Impact of early intervention on outcome following mild head injury in adults
The impact of mild head injury is variable and determinants of outcome remain poorly understood. Results of previous intervention studies have been mixed.
To evaluate the impact on outcome of the provision of information, measured in terms of reported symptoms, cognitive performance and psychological adjustment three months post-injury.
202 adults with mild head injury were studied: 79 were assigned to an intervention group and were assessed one week and three months after injury; 123 were assigned to a non-intervention control group and were seen at three months only. Participants completed measures of pre-injury psychological adjustment, concurrent life stresses, post-concussion symptoms, and tests of attention, speed of information processing, and memory. Subjects seen at one week were given an information booklet outlining the symptoms associated with mild head injury and suggested coping strategies. Those seen only at three months after injury did not receive this booklet.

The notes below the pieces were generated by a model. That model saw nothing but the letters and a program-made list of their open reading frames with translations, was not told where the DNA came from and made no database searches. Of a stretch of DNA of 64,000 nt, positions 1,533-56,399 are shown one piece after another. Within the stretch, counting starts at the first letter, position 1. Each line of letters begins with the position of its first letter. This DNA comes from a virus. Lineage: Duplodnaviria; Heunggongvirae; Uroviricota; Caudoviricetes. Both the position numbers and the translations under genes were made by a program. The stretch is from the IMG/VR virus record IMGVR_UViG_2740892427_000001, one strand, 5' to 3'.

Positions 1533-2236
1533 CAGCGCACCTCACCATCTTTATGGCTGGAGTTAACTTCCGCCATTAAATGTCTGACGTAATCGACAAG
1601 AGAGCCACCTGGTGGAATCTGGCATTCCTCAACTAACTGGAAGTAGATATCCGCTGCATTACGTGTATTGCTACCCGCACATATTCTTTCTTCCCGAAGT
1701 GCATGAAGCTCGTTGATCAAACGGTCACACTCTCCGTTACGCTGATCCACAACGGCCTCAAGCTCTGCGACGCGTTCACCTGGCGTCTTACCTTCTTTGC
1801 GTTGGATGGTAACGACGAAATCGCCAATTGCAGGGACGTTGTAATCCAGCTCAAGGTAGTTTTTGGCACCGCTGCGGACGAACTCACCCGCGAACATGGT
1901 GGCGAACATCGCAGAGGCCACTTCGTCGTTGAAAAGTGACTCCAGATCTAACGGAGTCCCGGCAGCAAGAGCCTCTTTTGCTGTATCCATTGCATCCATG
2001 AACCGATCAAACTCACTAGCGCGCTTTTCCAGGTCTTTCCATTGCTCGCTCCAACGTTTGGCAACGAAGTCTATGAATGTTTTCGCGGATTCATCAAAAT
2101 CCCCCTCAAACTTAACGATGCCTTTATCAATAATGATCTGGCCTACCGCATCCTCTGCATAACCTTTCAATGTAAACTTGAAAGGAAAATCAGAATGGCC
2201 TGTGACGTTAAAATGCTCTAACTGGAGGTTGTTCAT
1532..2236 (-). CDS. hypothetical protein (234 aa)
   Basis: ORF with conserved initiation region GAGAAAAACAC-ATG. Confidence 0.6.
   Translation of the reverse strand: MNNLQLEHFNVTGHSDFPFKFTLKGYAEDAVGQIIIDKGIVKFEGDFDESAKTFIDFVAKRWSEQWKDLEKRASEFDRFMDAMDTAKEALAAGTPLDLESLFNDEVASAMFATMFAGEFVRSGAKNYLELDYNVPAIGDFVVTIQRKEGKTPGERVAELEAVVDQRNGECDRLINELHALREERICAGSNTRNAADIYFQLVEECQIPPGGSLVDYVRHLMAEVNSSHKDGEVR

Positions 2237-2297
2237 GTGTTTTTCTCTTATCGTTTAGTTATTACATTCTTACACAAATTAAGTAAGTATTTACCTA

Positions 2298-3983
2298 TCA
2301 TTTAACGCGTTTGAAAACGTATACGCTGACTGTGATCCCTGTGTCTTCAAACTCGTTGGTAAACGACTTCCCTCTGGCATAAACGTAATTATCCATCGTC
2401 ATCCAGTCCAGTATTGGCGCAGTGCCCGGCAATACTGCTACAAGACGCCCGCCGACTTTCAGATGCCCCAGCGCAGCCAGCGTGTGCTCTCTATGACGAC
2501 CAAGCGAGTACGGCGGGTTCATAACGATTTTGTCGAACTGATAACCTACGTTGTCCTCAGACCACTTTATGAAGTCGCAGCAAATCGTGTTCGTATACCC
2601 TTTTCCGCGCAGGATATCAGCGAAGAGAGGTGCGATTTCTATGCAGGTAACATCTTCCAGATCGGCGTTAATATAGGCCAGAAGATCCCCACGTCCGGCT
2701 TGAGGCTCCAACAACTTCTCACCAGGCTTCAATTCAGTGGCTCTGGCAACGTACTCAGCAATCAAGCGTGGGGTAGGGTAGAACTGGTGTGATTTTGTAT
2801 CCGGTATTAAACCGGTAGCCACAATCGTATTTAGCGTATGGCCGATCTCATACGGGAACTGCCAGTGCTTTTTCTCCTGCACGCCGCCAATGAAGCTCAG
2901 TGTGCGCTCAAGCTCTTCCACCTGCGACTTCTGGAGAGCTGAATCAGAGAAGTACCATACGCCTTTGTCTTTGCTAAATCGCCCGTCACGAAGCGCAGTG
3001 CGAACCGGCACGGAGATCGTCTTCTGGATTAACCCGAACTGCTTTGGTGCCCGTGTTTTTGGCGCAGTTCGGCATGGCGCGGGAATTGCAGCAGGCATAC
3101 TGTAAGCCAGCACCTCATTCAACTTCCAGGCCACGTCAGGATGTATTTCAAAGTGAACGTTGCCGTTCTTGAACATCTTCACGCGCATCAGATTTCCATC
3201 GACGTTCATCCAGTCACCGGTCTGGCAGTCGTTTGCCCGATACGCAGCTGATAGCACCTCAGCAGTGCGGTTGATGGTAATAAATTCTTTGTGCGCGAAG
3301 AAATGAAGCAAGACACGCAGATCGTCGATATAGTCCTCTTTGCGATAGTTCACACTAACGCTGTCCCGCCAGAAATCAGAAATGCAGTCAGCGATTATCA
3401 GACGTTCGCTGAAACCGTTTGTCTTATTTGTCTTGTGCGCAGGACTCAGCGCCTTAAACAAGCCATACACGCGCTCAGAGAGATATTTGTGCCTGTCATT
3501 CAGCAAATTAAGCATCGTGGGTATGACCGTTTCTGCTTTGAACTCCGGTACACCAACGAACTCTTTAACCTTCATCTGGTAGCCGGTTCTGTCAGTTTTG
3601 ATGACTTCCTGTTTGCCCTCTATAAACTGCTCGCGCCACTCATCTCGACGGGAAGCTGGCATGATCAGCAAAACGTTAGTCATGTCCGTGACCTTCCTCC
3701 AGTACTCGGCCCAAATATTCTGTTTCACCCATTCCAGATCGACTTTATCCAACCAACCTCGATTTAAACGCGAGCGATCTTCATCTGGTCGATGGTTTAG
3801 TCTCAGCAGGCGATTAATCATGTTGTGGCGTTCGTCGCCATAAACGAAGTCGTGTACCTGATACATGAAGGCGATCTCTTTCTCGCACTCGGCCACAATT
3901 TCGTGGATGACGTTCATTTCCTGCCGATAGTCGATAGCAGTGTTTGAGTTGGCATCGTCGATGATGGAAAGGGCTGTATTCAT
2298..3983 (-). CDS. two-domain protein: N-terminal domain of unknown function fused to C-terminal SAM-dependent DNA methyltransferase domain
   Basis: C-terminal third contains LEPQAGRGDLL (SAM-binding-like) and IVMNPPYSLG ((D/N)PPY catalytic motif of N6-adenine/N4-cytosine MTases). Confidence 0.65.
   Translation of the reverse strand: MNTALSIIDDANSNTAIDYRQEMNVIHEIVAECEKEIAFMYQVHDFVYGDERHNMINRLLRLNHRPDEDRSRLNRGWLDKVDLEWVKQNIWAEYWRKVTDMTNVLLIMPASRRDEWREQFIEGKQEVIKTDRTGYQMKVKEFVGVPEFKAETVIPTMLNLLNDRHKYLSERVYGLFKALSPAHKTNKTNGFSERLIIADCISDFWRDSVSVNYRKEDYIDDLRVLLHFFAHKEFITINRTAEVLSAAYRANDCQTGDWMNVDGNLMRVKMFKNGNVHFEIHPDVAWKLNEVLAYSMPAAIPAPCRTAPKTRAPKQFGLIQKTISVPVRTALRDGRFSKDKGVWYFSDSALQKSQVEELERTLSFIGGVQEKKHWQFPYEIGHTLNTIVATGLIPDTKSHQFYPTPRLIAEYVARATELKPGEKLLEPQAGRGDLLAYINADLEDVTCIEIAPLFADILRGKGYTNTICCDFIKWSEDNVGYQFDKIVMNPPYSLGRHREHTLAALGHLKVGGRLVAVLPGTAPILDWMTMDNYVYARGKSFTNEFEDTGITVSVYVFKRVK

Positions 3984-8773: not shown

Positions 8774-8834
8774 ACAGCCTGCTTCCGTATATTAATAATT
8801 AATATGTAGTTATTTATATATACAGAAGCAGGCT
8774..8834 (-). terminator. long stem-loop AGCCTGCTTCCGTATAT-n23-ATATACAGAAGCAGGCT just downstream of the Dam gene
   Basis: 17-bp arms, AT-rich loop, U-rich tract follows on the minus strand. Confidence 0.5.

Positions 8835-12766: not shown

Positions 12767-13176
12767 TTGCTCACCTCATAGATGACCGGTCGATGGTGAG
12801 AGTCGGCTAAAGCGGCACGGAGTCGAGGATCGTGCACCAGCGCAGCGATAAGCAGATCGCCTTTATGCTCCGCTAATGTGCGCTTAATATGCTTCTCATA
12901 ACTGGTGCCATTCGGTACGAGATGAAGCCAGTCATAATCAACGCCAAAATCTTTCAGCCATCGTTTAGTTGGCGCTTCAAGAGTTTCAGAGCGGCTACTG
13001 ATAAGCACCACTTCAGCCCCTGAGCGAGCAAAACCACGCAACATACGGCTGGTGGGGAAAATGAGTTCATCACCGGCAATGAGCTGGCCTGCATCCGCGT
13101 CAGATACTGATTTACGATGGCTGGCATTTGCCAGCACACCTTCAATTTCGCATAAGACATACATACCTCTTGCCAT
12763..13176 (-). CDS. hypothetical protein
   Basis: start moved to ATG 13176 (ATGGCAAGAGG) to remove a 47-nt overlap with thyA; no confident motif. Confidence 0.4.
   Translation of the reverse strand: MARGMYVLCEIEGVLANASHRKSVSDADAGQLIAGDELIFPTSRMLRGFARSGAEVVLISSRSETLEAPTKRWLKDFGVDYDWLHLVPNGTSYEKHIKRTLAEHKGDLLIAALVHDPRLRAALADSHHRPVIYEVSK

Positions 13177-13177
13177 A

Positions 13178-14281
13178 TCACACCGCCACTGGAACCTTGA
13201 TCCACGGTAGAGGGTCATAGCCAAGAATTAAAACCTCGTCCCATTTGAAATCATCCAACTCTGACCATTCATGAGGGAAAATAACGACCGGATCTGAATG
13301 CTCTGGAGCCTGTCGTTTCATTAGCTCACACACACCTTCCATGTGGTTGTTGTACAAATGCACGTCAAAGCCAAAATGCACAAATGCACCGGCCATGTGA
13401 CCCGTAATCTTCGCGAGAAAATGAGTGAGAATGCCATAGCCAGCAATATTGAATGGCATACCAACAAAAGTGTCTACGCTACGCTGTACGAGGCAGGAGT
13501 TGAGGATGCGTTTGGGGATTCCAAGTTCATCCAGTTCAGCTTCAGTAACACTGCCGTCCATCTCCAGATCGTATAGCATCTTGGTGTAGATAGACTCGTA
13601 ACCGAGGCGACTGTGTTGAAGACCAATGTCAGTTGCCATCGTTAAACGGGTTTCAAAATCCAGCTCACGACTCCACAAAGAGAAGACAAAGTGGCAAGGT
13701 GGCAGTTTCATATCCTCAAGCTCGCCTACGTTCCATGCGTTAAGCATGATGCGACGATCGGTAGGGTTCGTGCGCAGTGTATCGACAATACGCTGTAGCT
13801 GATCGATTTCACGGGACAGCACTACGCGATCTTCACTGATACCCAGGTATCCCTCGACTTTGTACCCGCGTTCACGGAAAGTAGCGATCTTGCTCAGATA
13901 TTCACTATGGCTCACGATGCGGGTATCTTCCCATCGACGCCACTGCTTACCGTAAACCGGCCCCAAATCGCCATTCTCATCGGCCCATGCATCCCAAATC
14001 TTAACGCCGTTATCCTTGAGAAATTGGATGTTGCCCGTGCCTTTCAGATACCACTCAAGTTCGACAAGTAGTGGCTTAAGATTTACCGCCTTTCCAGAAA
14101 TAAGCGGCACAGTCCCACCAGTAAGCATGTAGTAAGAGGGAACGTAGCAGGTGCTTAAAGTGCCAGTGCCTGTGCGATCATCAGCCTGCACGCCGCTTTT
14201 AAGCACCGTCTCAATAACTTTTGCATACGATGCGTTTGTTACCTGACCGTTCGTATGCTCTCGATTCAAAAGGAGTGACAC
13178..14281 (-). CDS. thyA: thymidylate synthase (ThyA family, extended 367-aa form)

Patients in the intervention group who were seen at one week and given the information booklet reported fewer symptoms overall and were significantly less stressed at three months after the injury.
The provision of an information booklet reduces anxiety and reporting of ongoing problems.
Ponsford, J., et al. (2002). Impact of early intervention on outcome following mild head injury in adults. Journal of Neurology, Neurosurgery and Psychiatry, 73, 330-332.
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